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1 January 2011 Spider Silk: Evolution and 400 Million Years of Spinning, Waiting, Snagging, and Mating
Chris Holland
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Spider Silk: Evolution and 400 Million Years of Spinning, Waiting, Snagging, and Mating chronographs the evolution of spiders alongside a, if not the, key to their success: silk. This book is aimed at anyone with an interest in natural history, and provides a fundamental course on arachnology, evolution, and genetics. It therefore serves as an ideal introduction to spiders and a tempting peek at the field of silk research that I hope will leave the reader forever fascinated and enthused by these wonderful web weavers.

Leslie Brunetta is a freelance writer whose articles have appeared in the New York Times, Technology Review, and the Princeton Alumni Weekly, as well as on National Public Radio and elsewhere. Catherine L. Craig, a research associate of Harvard University and author of the monograph Spiderwebs and Silk, is an internationally recognized evolutionary biologist, arachnologist, and authority on silk.

A silk researcher myself, I can appreciate how, much like an orb-weaving spider's web, the authors attempt to combine several different threads, each with a specific function, into a structure carefully designed to ensnare the mind of the reader. They begin with one of the strongest, the scaffolding or dragline silk; a discussion about the genesis of the arachnids based on fossil records and a detailed history of evolutionary theory. From this scaffolding they then spin the underlying framework through their description of how minor changes in the structure of silk molecules have endowed the spiders with new silks to use and thus conquer their environment. This is then replaced by a captivating spiral of stories over the second half that delves into how silk plays an integral role in a spider's life from dispersal as young to capturing the next meal and mating.

This book is the result of a dialogue between a scientist (Craig) and nonscientist (Brunetta), and is essentially a more accessible version of Craig's excellent academic text Spiderwebs and Silk. The authors achieve the difficult task of conveying many high-level yet fundamental biological concepts while preventing the reader from becoming entangled in specialized language and theories. On occasion, however, this conversation becomes tangential, and the flow of the narrative is sometimes lost as the authors revisit concepts that would have been better introduced much earlier (specifically, the chapter on evolutionary-developmental biology). Yet these digressions are rarely laborious, and to the uninitiated, they serve as a good source of background knowledge that enhances the appreciation of the subject matter.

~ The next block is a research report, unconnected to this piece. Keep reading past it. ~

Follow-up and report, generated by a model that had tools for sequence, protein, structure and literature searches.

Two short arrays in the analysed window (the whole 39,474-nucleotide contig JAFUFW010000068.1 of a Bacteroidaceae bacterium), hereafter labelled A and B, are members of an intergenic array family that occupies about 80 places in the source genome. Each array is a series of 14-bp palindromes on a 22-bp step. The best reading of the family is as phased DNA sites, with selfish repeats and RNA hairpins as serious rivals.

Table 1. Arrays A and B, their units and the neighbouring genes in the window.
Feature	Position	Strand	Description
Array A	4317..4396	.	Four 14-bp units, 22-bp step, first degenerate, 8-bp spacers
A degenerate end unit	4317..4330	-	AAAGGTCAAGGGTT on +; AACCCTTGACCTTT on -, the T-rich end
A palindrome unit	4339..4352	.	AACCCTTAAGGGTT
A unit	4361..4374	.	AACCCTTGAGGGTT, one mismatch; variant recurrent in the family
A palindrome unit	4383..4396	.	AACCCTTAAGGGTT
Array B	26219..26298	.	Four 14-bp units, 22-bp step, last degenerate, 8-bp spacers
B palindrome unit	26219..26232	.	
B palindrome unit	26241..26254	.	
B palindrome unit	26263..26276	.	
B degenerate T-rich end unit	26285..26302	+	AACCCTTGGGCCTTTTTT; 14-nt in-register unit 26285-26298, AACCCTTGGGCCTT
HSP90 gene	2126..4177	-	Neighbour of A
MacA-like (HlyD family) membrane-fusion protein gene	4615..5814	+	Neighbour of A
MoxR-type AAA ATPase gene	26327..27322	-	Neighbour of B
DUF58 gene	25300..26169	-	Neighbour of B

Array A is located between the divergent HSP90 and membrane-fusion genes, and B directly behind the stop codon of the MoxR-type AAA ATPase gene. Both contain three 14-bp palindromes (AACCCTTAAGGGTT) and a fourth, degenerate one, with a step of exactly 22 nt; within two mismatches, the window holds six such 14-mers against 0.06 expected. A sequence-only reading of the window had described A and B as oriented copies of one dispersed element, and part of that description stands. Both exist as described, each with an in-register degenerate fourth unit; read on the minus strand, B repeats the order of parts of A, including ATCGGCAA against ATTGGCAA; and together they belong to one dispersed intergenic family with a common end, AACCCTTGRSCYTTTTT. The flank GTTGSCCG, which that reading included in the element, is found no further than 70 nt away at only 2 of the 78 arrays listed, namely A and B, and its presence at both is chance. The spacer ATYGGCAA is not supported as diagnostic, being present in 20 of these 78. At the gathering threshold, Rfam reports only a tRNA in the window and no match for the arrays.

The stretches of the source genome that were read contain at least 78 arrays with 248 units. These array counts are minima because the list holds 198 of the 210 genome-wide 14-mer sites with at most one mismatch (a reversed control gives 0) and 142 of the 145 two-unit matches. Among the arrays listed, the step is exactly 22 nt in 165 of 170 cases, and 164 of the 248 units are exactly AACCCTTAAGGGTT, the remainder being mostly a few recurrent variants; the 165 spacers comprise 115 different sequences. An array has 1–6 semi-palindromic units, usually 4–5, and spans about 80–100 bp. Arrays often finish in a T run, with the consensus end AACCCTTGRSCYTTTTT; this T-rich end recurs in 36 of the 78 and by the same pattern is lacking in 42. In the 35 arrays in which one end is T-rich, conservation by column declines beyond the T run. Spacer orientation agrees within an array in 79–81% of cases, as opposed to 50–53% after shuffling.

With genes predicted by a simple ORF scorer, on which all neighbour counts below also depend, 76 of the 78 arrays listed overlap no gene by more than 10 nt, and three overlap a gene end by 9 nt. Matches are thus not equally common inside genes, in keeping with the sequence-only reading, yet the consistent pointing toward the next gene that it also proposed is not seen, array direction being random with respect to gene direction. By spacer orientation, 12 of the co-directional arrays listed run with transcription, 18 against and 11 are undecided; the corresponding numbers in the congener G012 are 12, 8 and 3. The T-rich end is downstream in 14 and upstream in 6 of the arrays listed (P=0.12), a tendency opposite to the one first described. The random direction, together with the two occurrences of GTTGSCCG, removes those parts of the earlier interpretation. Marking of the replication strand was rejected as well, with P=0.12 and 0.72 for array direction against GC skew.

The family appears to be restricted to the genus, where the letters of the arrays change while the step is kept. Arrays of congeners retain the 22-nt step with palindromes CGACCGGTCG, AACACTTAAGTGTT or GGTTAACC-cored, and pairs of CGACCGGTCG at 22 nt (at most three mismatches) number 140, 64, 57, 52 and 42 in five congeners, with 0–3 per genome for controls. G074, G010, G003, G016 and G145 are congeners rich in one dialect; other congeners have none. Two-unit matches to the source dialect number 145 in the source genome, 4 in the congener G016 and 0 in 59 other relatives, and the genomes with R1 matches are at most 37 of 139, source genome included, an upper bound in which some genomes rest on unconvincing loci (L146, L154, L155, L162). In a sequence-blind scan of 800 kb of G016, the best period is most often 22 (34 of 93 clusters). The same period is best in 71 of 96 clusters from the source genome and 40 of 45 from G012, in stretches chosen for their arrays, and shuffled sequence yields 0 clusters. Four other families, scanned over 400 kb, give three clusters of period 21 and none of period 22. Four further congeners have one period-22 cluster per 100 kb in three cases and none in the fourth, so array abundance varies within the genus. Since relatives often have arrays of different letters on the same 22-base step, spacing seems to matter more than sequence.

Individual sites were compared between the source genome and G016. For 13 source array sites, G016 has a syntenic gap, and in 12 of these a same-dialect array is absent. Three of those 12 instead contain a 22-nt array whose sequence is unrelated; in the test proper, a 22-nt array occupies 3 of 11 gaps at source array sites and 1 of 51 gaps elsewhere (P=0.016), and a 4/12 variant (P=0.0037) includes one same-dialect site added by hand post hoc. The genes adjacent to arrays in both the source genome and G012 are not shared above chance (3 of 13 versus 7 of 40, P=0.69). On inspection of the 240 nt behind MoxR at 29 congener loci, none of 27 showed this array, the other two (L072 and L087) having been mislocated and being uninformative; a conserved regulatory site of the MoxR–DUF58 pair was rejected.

I particularly enjoyed the wide range of examples drawn from across the world of arachnids that build upon each other subtly, yet convincingly, into a cohesive and logical hypothesis for the evolution of web structures and how they represent evolutionary trade-offs between a range of competing ecological and genetic factors. This was all explained in a well-conceived manner and endows the reader with unique insights into the mindset and approaches taken by an evolutionary biologist.

Those who read Spider Silk in the hope that the mysteries of silk's superior mechanical properties will be revealed may be surprised to learn that we don't really know (yet). I was relieved by this truly refreshing admission, as I work in a field where most would have you believe that this mystery is solved with every new paper. I do feel, however, that the authors lacked conviction with respect to our current understanding of structure—function relationships in silk. Their explanation tends to focus too much on the protein sequence and, in my opinion, not enough on the other, equally important aspects of silk production: the coevolution of the glands (morphology) and how silk is spun (behavior). For example, the same silk protein pulled through the same silk duct at different speeds produces fibers with very different mechanical properties, something eminently more phenotypically plastic than chancing upon a new beneficial mutation. However, I think this merely highlights why we are so fascinated by this material; its elusive qualities are just out of our reach, and only through continued research and inspiring the next generation of scientists from all disciplines to tackle this important and interesting issue will we be able to “unravel” the web.

In summary, Craig and Brunetta successfully walk the thin line between education and entertainment, providing a solid foundation from which the reader can balloon into the world of the arachnids.

Chris Holland "Spider Silk: Evolution and 400 Million Years of Spinning, Waiting, Snagging, and Mating," BioScience 61(1), 78-79, (1 January 2011).
Published: 1 January 2011
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